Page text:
During World War II, the 32nd “Red Arrow” Infantry Division, which consisted of all of the Wisconsin National Guard and some of the Michigan National Guard, engaged in intense fighting against the Japanese through multiple campaigns in Papua New Guinea.
The Buna Campaign in Oro Province was particularly brutal, and three Wisconsin Army National Guard Soldiers earned the Medal of Honor posthumously for their actions there. The Red Arrow engaged in other major campaigns in Papua New Guinea including in Saidor and Aitape.
The Red Arrow would go on to spend 654 days in combat during World War II – more than any other division in the war.It’s now come full circle with the State Partnership Program, which links individual states with armed forces of partner nations around the world to forge lasting cooperation, friendship, and mutually beneficial relationships.
Despite the many disruptions and plans canceled because of COVID-19, in-person exchanges between the Wisconsin National Guard and the Papua New Guinea Defense Force remain on-track as the partnership between the two entities continues to grow.
Three military leaders from the PNG Defense Force arrived in Wisconsin on February 3, marking a historic first visit to the Badger State. Wisconsin National Guard members then traveled to Papua New Guinea to build relationships and share expertise with the Papua New Guinea Defense Force from March 1-15.
During the trip to Wisconsin, the Papua New Guinea Defense Force representatives traveled to different facilities, met key leaders, and experienced some of Wisconsin’s highlights including a tour of the state capitol, a cheese tasting, and overhead views of Wisconsin’s snow-covered, sprawling farms.
Major Roselyn Wia, staff officer two to the director of health services for the Papua New Guinea Defense Force, said that upon stepping off her plane she immediately noticed the snow and a few leftover Christmas lights.
“The snow-covered pine trees reminded me of a postcard,” stated Wia.
The visitors met with leaders from different units including the 115th Fighter Wing, the Wisconsin Army National Guard’s Combined Support Maintenance Shop, the 1st Battalion, 147th Aviation, the 426th Regional Training Institute, the 32nd Infantry Brigade Combat Team, and Wisconsin’s Joint Force Headquarters.
During these visits they discussed different facets of the National Guard’s mission including training, the counterdrug program, leadership development, equipment maintenance, health services, as well as their shared military histories – specifically during World War II.
Lt. Col. Derrek Schultheiss, the State Partnership Program Director, has been building a relationship with the Papua New Guinea Defense Force over the last two years since the partnership began.
“I found that there are more parallels than differences between our militaries,” stated Schultheiss.
Maj. Sarufa Eka, who is in charge of operations for the military’s engineering battalion, commented that there is one glaring difference.
“It is much colder here,” he joked.
Some of the common ground their organizations share is adapting their militaries and their infrastructure to a modern world and mission sets.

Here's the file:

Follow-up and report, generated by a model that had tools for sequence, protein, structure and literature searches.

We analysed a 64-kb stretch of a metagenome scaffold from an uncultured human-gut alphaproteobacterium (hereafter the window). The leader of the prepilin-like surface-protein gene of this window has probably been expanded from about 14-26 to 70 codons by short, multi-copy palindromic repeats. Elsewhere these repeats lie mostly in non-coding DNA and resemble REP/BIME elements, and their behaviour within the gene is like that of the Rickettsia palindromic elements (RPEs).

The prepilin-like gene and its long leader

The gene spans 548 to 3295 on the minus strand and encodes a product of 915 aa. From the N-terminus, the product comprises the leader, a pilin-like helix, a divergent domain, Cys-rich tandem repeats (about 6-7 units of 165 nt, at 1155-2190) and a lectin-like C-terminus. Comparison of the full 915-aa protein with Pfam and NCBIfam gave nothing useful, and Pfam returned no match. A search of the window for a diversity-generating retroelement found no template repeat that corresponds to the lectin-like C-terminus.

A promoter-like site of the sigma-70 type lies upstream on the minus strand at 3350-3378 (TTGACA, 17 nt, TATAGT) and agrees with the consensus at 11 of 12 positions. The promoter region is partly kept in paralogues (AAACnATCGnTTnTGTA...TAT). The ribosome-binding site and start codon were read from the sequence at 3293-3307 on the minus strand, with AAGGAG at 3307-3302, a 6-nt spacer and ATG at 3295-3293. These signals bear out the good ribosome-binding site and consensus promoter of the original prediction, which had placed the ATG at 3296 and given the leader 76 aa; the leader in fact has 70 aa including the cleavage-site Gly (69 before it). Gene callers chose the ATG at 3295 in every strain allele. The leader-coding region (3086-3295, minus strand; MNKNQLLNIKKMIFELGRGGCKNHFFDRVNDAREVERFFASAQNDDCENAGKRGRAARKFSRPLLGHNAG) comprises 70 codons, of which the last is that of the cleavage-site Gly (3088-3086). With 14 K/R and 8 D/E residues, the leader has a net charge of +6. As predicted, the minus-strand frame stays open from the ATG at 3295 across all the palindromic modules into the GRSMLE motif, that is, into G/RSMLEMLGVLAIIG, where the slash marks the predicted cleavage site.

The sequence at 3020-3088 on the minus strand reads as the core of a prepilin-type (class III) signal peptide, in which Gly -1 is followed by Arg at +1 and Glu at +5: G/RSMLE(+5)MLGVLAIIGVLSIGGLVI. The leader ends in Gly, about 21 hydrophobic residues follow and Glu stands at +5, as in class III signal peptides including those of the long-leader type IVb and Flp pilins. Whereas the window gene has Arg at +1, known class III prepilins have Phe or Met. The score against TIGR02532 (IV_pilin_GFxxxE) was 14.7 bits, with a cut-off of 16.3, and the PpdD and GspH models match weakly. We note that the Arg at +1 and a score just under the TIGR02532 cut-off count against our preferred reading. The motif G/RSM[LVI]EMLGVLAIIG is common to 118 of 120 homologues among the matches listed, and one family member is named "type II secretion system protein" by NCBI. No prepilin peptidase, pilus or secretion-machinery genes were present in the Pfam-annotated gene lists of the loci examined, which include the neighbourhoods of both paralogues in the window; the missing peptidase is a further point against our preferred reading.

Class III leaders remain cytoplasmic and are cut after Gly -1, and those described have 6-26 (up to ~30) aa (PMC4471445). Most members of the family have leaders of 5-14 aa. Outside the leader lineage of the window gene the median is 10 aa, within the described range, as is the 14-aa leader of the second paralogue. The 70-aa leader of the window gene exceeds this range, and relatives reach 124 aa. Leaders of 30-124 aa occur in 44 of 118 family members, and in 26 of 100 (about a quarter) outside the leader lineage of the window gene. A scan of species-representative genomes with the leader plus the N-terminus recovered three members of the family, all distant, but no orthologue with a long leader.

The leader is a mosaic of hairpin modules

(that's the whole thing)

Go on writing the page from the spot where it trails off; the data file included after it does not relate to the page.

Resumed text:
Lt. Col. Boniface Aruma, acting director of force preparation, explained that the infrastructure of his military stems from the 1970s when Papua New Guinea only had three million people.
“Now that we have closer to eight or nine million people, our infrastructure must grow too,” stated Boniface.
Col. Jeffrey Alston, the commander of the 32nd “Red Arrow” Infantry Brigade Battalion Combat Team, reflected on the culture of the National Guard in the 1970s.
“You used to see a howitzer sitting on someone’s farmland because someone in the company knew someone who would allow us to use their land to train,” stated Alston.
Boniface responded that this resonated, resembling the way that they often rely on their service members’ social connections to find resources and space for training.
“I am laughing, because it is so similar, human beings are the same everywhere I suppose,” stated Boniface.
Another challenge both military forces share is the challenge of addressing the universal needs of all troops.
Wia toured the Wisconsin Army National Guard’s Soldier Readiness Program, an annual process that checks in on each Soldier’s financial, spiritual, physical, legal, administrative and mental well-being and assesses their readiness.
“It is clear that the [Wisconsin National Guard] attends to their Soldiers with a fine-toothed comb. I was especially impressed by how they attend to mental health.”
The Soldier Readiness Program ensures that each Soldier is prepared to deploy quickly which has become increasingly important for the National Guard’s domestic missions that have included many no-notice civil unrest and COVID-19 response missions over the last two years in addition to federal overseas deployments.
“Much like the National Guard, we also respond to elections, civil unrest and border control,” Boniface stated, referring to the border his country shares with Indonesia.
Besides the many modern parallels between the two militaries, there is also a shared history between the two.
Alston, a self-described history buff, stated that it is interesting to trace Wisconsin Soldiers to Papua New Guinea in World War II.
“It deepens our ties, and I’m grateful for this opportunity to work with them,” stated Alston. Aruma stated that he was unaware of their shared history until they entered into the State Partnership Program.
“I started learning more about the Wisconsin National Guard and realized the magnitude of history we share,” stated Aruma.